Alexandria Digital Research Library

Molecular Beam Epitaxy Growth of Rare Earth Elements in III-V Semiconductors for Thermoelectrics

Burke, Peter George
Degree Grantor:
University of California, Santa Barbara. Materials
Degree Supervisor:
John E. Bowers and Arthur C. Gossard
Place of Publication:
[Santa Barbara, Calif.]
University of California, Santa Barbara
Creation Date:
Issued Date:
Nanoscience, Engineering, Electronics and Electrical, and Engineering, Materials Science
Molecular beam epitaxy
Rare earth
Dissertations, Academic and Online resources
Ph.D.--University of California, Santa Barbara, 2013

Over half of the energy from non-sustainable sources such as coal, natural gas, and petroleum that is converted for electricity and transportation is lost as waste heat. In 2012 alone, the U.S. rejected ∼58.1 quadrillion BTUs as unusable energy everywhere from power plants to automobile exhaust pipes to laptop CPUs. Thermoelectric materials, which convert heat into electricity within a solid-state device, offer a viable technology to capture some of this widely-spread waste heat and convert it directly into usable electricity.

Molecular beam epitaxy (MBE) provides a means to explore new ideas through fine control of doping and heterostructures, and opens the door to new nanostructures accessed only in a kinetically-limited growth regime. ErAs:InGaAlAs nanocomposites grown by MBE have previously shown a high thermoelectric figure of merit, ZT∼1.33 at 800 K, which make them promising for thermoelectric applications. But those results have raised several key questions: why does an isovalent atom like Er cause n-type conductivity in InGa(Al)As, and would other rare earth elements or other III-V semiconductors be even better suited for thermoelectric applications? Beyond rare earth doping, are there new and better heterojunction engineering schemes to improve a variety of thermoelectric composites?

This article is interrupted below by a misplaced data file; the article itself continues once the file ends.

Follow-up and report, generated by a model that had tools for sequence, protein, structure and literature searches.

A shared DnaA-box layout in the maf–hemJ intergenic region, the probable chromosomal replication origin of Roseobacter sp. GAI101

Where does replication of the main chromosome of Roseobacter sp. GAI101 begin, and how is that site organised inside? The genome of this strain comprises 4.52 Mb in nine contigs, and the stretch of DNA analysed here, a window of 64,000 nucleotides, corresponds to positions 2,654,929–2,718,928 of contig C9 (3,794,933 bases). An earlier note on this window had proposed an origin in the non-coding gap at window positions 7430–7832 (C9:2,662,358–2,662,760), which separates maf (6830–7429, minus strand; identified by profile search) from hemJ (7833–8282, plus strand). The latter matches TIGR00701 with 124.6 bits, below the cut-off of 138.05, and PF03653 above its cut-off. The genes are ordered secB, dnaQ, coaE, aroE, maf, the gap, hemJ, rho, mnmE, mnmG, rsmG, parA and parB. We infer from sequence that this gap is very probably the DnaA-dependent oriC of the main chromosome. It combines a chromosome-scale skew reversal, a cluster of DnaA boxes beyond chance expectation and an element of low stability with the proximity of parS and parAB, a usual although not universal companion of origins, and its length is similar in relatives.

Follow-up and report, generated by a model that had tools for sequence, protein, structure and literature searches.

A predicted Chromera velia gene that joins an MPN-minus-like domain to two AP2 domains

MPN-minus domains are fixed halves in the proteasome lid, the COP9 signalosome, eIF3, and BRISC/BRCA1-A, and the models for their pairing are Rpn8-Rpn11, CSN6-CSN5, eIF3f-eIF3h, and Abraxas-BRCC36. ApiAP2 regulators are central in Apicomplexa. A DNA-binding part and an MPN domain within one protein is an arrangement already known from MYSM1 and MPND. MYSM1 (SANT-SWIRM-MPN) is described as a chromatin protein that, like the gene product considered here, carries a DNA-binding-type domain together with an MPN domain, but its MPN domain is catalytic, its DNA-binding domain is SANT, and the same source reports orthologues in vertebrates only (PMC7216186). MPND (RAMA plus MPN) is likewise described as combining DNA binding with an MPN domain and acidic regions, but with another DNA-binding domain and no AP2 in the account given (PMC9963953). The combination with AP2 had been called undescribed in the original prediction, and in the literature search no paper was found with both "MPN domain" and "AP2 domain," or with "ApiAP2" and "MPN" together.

Working with researchers in Arthur C. Gossard and John E. Bower's groups, ErAs semimetal nanoparticle - InGaAs semiconductor composites were optimized and measured, yielding a ZT of ∼1.7 at 850 K. A solubility limit of Er in InGaAs was identified, and along with researchers in Chris G. Van de Walle's group, it was shown that Er, which is isovalent with In and Ga, is a n-type dopant when positioned on an interstitial crystallographic site. Furthermore, it was found that the position of Er atoms and formation of ErAs particles can be controlled in the kinetically-limited growth regime by changing growth temperature and growth rate. Hong Lu and I explored other rare earth elements, such as Ce, Sm, Yb, and Eu and other semiconductors, such as InGa(Al)Sb and InAsSb, offering a wide range of thermal and electrical properties. ErSb:InGaSb was shown to have improved p-type thermoelectric properties, and independent control of electrical conductivity and thermal conductivity was demonstrated by codoping Ce and Si in InGaAs. Additionally and unrelated to rare earth doping, John E. Bowers and I conceived and demonstrated a new strategy for improving Seebeck coefficient using heterojunctions.

Physical Description:
1 online resource (215 pages)
UCSB electronic theses and dissertations
Catalog System Number:
Inc.icon only.dark In Copyright
Copyright Holder:
Peter Burke
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